Computer and telephone networks inflict a gigantic impact on today’s society. From letting you call John in Calgary to letting you make a withdraw at your friendly ATM machine they control the flow of information. But today’s complicated and expensive networks did not start out big and complicated but rather as a wire and two terminals back in 1844. From these simple networks to the communication giants of today we will look at the evolution of the network and the basis on which it functions. The network is defined as a system of lines or structures that cross.
In telecommunications this is a connection of peripherals together so that they can exchange information. The first such exchange of information was on May 24, 1844 when Samuel Morse sent the famous message “What hath God wrought” from the US Capitol in Washington D. C. across a 37 mile wire to Baltimore using the telegraph. The telegraph is basically an electromagnet connected to a battery via a switch. When the switch is down the current flows from the battery through the key, down the wire, and into the sounder at the other end of the line. By itself the telegraph could express only two states, on or off.
This limitation was eliminated by the fact that it was the duration of the connection that determined the dot and dash from each other being short and long respectively. From these combinations of dots and dashes the Morse code was formed. The code included all the letters of the English alphabet, all the numbers and several punctuation marks. A variation to the telegraph was a receiving module that Morse had invented. The module consisted of a mechanically operated pencil and a roll of paper. When a message was received the pencil would draw the corresponding dashes and dots on the paper to be deciphered later.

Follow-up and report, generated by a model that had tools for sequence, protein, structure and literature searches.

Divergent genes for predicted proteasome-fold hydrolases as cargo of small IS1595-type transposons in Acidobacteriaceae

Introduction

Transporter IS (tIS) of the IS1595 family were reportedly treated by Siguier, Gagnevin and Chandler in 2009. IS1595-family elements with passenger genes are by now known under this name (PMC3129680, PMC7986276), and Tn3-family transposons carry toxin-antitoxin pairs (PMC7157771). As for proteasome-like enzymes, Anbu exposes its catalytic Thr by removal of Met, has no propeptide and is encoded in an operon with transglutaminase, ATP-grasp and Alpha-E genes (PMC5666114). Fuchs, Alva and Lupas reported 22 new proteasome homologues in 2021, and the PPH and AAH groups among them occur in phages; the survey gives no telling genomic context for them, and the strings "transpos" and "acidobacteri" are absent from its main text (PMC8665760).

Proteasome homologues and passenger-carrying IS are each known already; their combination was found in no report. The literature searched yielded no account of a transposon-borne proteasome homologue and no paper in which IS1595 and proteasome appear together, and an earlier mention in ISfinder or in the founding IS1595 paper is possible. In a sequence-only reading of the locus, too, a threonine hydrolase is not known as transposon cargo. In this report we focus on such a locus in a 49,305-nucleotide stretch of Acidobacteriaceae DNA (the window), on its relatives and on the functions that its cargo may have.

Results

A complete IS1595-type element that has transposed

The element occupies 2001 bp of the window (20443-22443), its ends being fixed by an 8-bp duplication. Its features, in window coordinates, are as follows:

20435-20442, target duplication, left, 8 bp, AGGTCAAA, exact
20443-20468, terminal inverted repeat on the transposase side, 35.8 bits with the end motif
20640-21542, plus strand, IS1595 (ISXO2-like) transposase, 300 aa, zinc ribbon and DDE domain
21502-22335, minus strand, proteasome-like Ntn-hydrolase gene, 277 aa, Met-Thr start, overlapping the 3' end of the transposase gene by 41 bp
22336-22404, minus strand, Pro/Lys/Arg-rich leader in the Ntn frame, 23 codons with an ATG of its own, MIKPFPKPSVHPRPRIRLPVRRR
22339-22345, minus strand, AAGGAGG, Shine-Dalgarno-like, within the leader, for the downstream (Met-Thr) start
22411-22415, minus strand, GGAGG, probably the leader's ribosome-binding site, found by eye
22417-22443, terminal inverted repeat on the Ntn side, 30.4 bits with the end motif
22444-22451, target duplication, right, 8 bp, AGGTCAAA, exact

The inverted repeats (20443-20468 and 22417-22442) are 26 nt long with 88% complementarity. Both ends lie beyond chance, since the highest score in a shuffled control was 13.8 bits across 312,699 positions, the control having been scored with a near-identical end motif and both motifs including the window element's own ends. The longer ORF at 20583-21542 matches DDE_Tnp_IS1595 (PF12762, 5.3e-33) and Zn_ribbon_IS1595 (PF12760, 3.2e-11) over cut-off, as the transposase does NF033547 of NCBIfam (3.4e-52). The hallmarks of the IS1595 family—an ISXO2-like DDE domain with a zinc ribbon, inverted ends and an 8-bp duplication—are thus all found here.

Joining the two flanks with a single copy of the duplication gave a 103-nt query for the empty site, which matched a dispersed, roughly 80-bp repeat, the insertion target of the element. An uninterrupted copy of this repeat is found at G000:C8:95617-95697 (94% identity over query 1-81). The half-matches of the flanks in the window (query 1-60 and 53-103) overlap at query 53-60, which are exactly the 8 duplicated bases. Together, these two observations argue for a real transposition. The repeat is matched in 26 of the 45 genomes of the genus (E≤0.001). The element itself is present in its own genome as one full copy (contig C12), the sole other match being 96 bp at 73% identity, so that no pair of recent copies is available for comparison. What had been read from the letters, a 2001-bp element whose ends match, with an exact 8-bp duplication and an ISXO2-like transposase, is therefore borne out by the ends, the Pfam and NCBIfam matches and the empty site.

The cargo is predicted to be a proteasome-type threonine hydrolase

Many inventors including Alexander Bell and Thomas Edison sought to revolutionize the telegraph. Edison devised a deciphering machine. This machine when receiving Morse code would print letters corresponding to the Morse code on a roll of paper hence eliminating the need for decoding the code. The first successful telephone was invented by Alexander Graham Bell. He along with Elisha Gray fought against time to invent and patent the telephone. They both patented their devices on the same day-February 14, 1876- but Bell arrived a few hours ahead of gray thus getting the patent on the telephone.
The atent issued to Bell was number 174,465, and is considered the most valuable patent ever issued. Bell quickly tried to sell his invention to Western Union but they declined and hired Elisha Gray and Thomas Edison to invent a better telephone. A telephone battle began between Western Union and Bell. Soon after Bell filed suit against Western Union and won since he had possessed the basic rights and patents to the telephone. As a settlement Western Union handed over it’s whole telephone network to Bell giving him a monopoly in the telephone market.
During his experiments to create a functional telephone Bell pursued wo separate designs for the telephone transmitter. The first used a membrane attached to a metal rod. The metal rod was submerged in a cup of mild acid. As the user spoke into the transmitter the membrane vibrated which in turn moved the rod up and down in the acid. This motion of the rod in the acid caused variations in the electrical resistance between the rod and the cup of acid. One of the greatest drawbacks to this model was that the cup of acid would have to be constantly refilled. The second of Bell’s prototypes was the induction telephone transmitter.
It used the principle of magnetic induction to change ound into electricity. The membrane was attached to a metal rod which was surrounded by a coil of wire. The movement of the rod in the coil produced a weak electric current. An advantage was that theoretically it could also be used both as a transmitter and a receiver. But since the current produced was so weak, it was unsuccessful as a transmitter. Most modern day telephones still use a variation of Bell’s design. The first practical transmitter was invented by Thomas Edison while he was working for the Western Union.